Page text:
Good morning, travelers. Here's a look at travel-related material from The Globe and wires.
*At Logan on Sunday, State Police allege a Wellesley woman refused to move her sport utility vehicle, then drove at a trooper who tried to record her license plate number.
In light of that event, The Globe's Milton Valencia took a look at the art of parking at the airport.
With federal policies banning parking outside airport terminals, state troopers are quick to move cars picking up passengers who are not yet waiting by the curb with their luggage ready in carts that ironically read, "Go Ahead and Push Me."
The question is where do you go? Drivers who do not correctly time their arrival, whether they are early or their passenger is still retrieving luggage, can expect to pay to park at a rate of $3 just to enter the lot, and $6 for those who are there for more than 30 minutes. Few know about a cellphone lot where drivers can wait at the other end of the airport.
Some choose to just drive in circles around the terminal until their passenger is curbside.
Here's a link to the whole story.
*JetBlue, citing frustration with the lack of facility improvements at Long Beach Airport, said that it might cease operating out of the airport where it began its West Coast expansion and is now the busiest carrier.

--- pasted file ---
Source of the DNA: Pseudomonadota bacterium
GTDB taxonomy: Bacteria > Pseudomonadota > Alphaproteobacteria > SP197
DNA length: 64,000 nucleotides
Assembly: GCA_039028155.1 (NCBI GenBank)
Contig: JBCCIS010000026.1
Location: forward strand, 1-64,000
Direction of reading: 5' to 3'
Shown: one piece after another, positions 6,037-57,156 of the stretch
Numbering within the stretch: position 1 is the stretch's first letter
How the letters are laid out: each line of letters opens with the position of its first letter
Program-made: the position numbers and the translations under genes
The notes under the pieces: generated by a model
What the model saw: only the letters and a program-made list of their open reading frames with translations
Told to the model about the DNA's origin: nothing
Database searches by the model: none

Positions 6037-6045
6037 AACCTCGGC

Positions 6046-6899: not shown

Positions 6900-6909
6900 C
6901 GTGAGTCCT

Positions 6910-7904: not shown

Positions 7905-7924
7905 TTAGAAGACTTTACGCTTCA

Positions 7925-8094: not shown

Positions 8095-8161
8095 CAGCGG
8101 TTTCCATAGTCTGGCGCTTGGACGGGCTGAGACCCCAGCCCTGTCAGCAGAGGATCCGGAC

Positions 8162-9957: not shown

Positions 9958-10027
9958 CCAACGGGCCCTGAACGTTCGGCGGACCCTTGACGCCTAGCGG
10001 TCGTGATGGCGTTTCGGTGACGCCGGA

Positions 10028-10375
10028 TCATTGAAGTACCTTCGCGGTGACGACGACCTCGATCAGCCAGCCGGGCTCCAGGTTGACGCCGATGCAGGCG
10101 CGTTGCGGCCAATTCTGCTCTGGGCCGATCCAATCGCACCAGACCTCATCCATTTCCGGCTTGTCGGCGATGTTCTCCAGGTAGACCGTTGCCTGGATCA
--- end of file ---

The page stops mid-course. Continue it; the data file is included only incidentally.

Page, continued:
No specific plan to leave the airport has been proposed, but a JetBlue spokeswoman said the airline could consider scaling back flights and shifting them to other airports in the region including Los Angeles International Airport.
JetBlue is slated to begin transcontinental service at Los Angeles in June.
"It is regrettable, and that's not our choice," said Jenny Dervin, spokeswoman for the New York-based carrier. "But we have to face the facts that we are in temporary trailers, and that's not acceptable. It doesn't serve our customers, and it doesn't serve our brand. We want to go where we are wanted."
Dervin confirmed comments made by JetBlue chief executive Dave Barger and first reported by Crankyflier.com, an aviation Web site. In an interview with the blog, Barger said that operating at Long Beach "has been a huge frustration for us," and he criticized the pace of improvements to the airport's terminal and parking structure.
"They need to make good on their commitment to improve the airport experience," he said. "People might have to go to LAX to use us, because we're actually wanted there."
Dervin denied that Barger's comments were a negotiating ploy directed toward Long Beach officials.
A Long Beach Airport official said she was surprised by the comments and said that the airport had not received indication from the airline that it would leave. (LA Times)